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AWS Lambda Shell

This is a Lambda Runtime Interface Client written in pure Bash and Curl. It allows you to quickly create a simple bash script to run in Lambda for use cases like cron jobs or tasks that you want to quickly set up and deploy.

This also implements the Lambda Function URL API to to write HTTP endpoints in bash!

See Examples below!

Setting Up

  • Install and configure the AWS CLI client on your workstation
  • Install jq
  • Install Docker
  • Copy this whole project directory to a new directory name for your project
    • Name the project root directory the same name as your intended Lambda function name
    • Edit this and write documentation for your new thing
  • Edit script/environment and change any configuration settings
  • Edit script/create_function and:
    • Review the IAM_PERMISSIONS array and make adjustments based on what you need to accomplish
    • The policy wizard is pretty handy
    • Change the SECURITY_GROUPS to what is appropriate for the AWS account you're deploying this to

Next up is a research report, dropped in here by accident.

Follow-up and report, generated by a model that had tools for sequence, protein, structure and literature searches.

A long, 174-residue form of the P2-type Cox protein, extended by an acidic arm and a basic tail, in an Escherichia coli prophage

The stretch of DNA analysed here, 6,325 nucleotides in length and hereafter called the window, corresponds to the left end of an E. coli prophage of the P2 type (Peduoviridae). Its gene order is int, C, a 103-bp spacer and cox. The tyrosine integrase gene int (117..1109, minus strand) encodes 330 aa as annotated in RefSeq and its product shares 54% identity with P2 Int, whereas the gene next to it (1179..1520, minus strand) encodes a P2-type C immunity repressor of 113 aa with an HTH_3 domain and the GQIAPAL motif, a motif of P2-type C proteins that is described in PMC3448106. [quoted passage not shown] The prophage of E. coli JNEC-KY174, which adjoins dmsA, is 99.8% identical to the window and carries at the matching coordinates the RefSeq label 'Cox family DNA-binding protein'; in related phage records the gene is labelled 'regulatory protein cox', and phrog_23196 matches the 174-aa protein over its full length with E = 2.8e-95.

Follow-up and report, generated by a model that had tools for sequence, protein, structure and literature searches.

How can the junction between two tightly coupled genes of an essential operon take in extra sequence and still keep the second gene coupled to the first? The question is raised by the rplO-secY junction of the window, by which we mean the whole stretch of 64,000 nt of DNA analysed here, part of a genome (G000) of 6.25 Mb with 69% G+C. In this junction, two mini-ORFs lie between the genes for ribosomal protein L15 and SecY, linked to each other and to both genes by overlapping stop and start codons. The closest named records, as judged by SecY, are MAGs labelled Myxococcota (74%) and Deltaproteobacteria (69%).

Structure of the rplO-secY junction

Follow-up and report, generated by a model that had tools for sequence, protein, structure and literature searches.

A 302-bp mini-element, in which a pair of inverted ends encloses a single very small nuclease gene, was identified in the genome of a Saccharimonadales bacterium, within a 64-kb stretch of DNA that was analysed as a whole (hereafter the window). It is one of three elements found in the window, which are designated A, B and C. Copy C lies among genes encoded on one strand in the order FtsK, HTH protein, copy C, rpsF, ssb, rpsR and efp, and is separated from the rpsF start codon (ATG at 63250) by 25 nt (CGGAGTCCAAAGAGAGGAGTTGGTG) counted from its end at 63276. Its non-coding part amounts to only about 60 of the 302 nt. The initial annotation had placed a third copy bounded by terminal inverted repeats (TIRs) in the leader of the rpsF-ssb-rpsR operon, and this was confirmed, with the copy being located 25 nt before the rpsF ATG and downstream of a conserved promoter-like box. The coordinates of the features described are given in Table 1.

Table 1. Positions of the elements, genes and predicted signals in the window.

• Change the SUBNETS to choose where you want this Lambda function to run
    • Review the TAGS array
    • Review TIMEOUT and MEMORY
  • Review the Dockerfile
    • This uses the base image amazon/aws-cli, which is Amazon Linux 2, based off of RedHat 7
      • If you need something newer, rockylinux:8 or rockylinux:9 will also work
    • Add any RPM packages to the yum install command
    • Add any source package installs
    • COPY any extra bash files you write
  • Edit and write your code!
    • You can use a different filename if you set the Dockerfile CMD to your new script name
    • Read below for SDK info
  • Run:
$ ./script/create_function   # just one time
  • If you want to update your function code and redeploy, do:
$ ./script/docker_build
$ ./script/docker_push
  • If you screw up and want to start from scratch again:
$ ./script/delete_function

Running and Testing

  • Head to Lambda Functions and look at the Test tab for your function. Create a new test rule, and paste in anything (or nothing) in the Event JSON and click the Test button
  • Use the cw CLI tool to tail your log files from the log group /aws/lambda/my_function_name
  • Create an EventBridge Rule to fire off your function at a cron interval